Hugo Boss performance in decline on China slow down
Hugo Boss has abandoned its 2015 profit target, joining the ranks of luxury goods companies warning of slowing sales growth in China. Hugo Boss Group said its goal to attain earnings before interest, tax, depreciation and amortization representing 25 percent of sales will be achieved later than its objective of 2015.
China has been the engine of the luxury goods industry in recent years, but a weakening in economic growth there, coupled with a crackdown on bribery, has tempered demand this year. French spirits group Remy Cointreau also reported a slowdown in Chinese demand on Tuesday, following similarly cautious comments from upmarket fashion groups such as LVMH and Burberry.
“A particular concern is China,” Hugo Boss chief executive Claus-Dietrich Lahrs told investors at an event in Hong Kong, adding there was little sign of the country returning to the double-digit percentage sales growth of recent years. Analysts estimate luxury industry sales will rise around 4 percent in China this year, Lahrs said.
Hugo Boss reiterted its target to reach sales of 3 billion euros ($4.1 billion) in 2015, but that it would no longer be able to reach a 25 percent EBITDA margin – earnings before interest, tax, depreciation and amortization as a percentage of sales – that means it will miss a 2015 EBITDA target of 750 million euros.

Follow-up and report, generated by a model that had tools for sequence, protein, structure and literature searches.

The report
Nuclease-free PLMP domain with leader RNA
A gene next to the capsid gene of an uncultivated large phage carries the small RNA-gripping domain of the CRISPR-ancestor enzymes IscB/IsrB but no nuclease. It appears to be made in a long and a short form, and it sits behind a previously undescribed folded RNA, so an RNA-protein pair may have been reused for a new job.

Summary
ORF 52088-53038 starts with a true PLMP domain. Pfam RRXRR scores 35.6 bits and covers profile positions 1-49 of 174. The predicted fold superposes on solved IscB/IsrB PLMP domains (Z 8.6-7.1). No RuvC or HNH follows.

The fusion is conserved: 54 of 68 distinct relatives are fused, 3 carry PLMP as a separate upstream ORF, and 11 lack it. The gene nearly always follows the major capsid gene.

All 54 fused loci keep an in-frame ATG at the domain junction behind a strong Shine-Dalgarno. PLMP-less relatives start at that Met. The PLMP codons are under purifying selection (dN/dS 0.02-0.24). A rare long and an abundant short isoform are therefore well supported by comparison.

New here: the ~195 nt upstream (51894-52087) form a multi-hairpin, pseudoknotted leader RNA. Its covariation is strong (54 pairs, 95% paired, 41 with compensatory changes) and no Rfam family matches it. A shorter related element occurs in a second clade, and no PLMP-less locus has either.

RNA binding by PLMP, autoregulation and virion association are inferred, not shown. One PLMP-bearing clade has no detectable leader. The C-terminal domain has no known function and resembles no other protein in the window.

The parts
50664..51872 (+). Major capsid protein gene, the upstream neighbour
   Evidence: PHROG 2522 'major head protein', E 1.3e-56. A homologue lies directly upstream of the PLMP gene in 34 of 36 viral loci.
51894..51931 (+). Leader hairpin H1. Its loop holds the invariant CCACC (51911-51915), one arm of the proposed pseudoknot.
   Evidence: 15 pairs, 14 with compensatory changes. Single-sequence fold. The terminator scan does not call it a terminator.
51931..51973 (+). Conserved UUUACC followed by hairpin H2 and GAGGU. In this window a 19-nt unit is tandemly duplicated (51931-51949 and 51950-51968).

To compensate for weak markets and take control of the way its clothes are sold, Hugo Boss has been moving from selling its products through wholesale partners such as department stores to setting up its own shops – another industry-wide trend. This strategy, which involves opening around 50 shops a year, has helped hold up sales during the economic downturn in Europe, Chief Financial Officer Mark Langer said, although the cost of expanding has held back margins.
Hugo Boss now expects more than 60 percent of its sales will come from its own retail stores in 2015, compared with a previous forecast for 55 percent. The group also maintained a forecast made at the end of last month for currency-adjusted sales and earnings to rise by between 6 percent and 8 percent in 2013.
adapted from Bloomberg and Reuters